Pacific learners

At Te Pūkenga Pacific knowledge, language, and culture will be led by Pacific peoples. ensuring your learning experience will be more aligned to your values, ways of learning, and cultural needs.

Te Pūkenga in practice

Learning with us will give you relevant work skills, real world experience and globally recognised qualifications.

  1. Cultural alignment

    Learn and grow with us while you stand proud of where you’re from. Feel at ease knowing your learning experience will be tailored to your values and needs.

  2. Instructors who see you

    Tongans, Samoans, Niueans, Fijians, Tokelauans, Cook Islanders, Tuvaluans and I-Kiribati are seen as individuals at Te Pūkenga. We’ll celebrate your diversity and honour your customs.

  3. On campus, online or on-the-job

    You choose how to learn so that it fits in perfectly with your family life, duties and responsibilities, youth groups, or church groups.

  4. Learning that gets you

    You have a culture to be proud of, and we’re here to help you feel valued and supported. Grow into the role model you want to be for younger brothers, sisters, and cousins.

What can you expect from Te Pūkenga?

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Learning that fits with your life

We’re here to help you navigate your own path. No matter what responsibilities you have, our courses will flex when you need them to and will be designed to with what you need.
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Learning tailored to your needs

We’re here to help you navigate your own path. Our national network will give you greater access to flexible, career-focused learning, giving you more choice than ever.
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Learning that looks to the future

We’re creating better ways of learning that are focused on where Aotearoa needs to be. You’ll apply everything you learn with us to make your community stronger, inspiring younger generations to do the same.

“O le ala i le pule o le tautua. The way to leadership is through service. Te Pūkenga will offer learning experiences that work in harmony with your way of life.”

Have a question?

What is the Reform of Vocational Education?

The Reform of Vocational Education (RoVE) aims to create a strong, unified vocational education and training system that is fit for the future of work and delivers the skills that learners, employers, and communities need to thrive.

It includes seven key changes, one of which is the creation of Te Pūkenga – New Zealand Institute of Skills and Technology.

The new system puts learners back at the centre and it will have a stronger focus on employers: delivering the skills they need, providing more support for those in work-based training, and ensuring greater consistency in vocational learning across the country. 

Learners will receive more support while they are training, and their knowledge and skills will be more relevant to what industry needs. They will be able to move more easily between regions and between on-the-job, on campus, and online training.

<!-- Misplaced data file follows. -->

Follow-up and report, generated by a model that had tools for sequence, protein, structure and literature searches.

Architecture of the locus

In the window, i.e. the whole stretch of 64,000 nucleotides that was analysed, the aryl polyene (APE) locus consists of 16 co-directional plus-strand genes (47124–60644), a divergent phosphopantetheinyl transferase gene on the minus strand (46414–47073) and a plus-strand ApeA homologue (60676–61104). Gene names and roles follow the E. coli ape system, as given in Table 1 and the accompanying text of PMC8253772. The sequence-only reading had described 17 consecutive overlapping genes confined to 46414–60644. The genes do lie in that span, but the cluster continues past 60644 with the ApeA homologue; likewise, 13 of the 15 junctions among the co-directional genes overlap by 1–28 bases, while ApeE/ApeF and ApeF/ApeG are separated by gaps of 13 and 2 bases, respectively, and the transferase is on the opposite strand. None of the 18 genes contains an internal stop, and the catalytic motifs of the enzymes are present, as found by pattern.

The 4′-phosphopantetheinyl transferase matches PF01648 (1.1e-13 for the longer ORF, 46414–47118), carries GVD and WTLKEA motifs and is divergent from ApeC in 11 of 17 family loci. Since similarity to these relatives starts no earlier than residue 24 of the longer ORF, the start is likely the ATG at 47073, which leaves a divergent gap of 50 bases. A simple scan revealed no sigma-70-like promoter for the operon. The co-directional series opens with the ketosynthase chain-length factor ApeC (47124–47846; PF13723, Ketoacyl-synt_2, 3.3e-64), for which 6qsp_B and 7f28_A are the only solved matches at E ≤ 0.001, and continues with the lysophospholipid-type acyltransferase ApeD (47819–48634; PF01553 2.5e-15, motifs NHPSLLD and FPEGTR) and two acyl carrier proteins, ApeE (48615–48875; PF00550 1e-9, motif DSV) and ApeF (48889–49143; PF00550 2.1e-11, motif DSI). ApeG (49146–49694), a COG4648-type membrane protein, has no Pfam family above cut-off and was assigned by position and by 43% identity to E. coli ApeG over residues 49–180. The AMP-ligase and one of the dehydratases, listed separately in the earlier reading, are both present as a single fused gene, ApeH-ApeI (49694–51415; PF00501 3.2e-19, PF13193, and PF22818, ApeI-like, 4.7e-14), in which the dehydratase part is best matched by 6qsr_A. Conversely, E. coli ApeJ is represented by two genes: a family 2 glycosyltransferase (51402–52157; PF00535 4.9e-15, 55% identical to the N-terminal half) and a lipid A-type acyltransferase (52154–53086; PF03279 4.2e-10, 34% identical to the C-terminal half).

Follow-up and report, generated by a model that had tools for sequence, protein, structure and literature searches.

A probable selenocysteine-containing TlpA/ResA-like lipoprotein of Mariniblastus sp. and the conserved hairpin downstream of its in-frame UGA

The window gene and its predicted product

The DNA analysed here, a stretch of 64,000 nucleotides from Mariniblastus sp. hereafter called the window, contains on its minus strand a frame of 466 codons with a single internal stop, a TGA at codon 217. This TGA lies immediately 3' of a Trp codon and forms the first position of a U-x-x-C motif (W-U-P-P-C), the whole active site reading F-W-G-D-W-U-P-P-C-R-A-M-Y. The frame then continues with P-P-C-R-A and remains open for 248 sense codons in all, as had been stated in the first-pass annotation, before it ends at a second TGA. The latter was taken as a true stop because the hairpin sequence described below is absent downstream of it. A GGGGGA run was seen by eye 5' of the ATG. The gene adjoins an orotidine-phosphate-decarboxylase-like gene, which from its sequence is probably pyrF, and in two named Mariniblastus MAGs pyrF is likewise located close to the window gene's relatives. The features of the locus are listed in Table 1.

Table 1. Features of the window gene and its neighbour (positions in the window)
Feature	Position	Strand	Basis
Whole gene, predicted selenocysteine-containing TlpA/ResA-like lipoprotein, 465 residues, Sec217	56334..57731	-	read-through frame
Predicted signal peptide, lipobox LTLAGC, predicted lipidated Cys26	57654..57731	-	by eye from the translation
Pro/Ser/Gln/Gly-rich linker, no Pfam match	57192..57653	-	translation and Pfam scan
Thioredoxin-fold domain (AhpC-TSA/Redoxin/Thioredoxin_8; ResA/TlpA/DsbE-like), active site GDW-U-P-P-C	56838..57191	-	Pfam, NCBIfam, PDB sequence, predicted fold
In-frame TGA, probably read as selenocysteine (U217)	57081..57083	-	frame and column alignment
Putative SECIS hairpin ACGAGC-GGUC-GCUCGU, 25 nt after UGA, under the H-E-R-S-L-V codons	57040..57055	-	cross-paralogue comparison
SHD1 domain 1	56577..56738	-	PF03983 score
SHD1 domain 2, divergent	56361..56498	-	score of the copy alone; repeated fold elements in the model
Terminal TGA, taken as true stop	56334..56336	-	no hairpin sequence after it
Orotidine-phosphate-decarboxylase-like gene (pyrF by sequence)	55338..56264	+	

The changes reflect the Government’s commitment to Māori-Crown partnership.

How will the changes affect current ākonga (learners)?

Learners will still be able to complete their qualifications through their chosen provider, and the provider’s name on qualifications will stay the same. They will be able to enrol in another course, including courses that last for more than one year. 

Support services will stay the same, fees will stay the same and learners’ relationships with organisations such as StudyLink will stay the same. 

How will the changes affect ākonga in the future?

As the changes are introduced, learners will have more access to high-quality learning in the workplace as well as on campus, as well as:

  • it will become easier to move between learning in the workplace, on campus and online. 
  • it will also be easier to transfer to another part of New Zealand to learn, without it affecting the qualifications learners are training for. 
  • industries will be more involved in setting the standards for what learners study, to make sure they gain the relevant skills that employers want. 
  • there will also be more support to help learners achieve their goals.
  • people living in remote parts of New Zealand will have more opportunities to learn online. 
How will the changes affect employers in the future?

The Reform of Vocational Education aims to help employers hire people who are well-trained and ready for work – and to get people into work more quickly.

Under the changes, apprenticeships and on-the-job training will continue to be a priority. They will not be replaced by on campus learning.

Industry and employees will have greater influence over the courses and training offered, to ensure learners gain the right skills for the right jobs.

Six industry-governed Workplace Development Councils (WDCs) have been created to give industry a strong leadership role in vocational education and training.

The councils’ responsibilities will include giving investment advice, identifying current and future skills needs, developing qualifications, and setting standards.

Regions will also be given more say in planning for the work skills they need.

The transition and integration of many different parts to a new cohesive system will be gradual and carefully managed.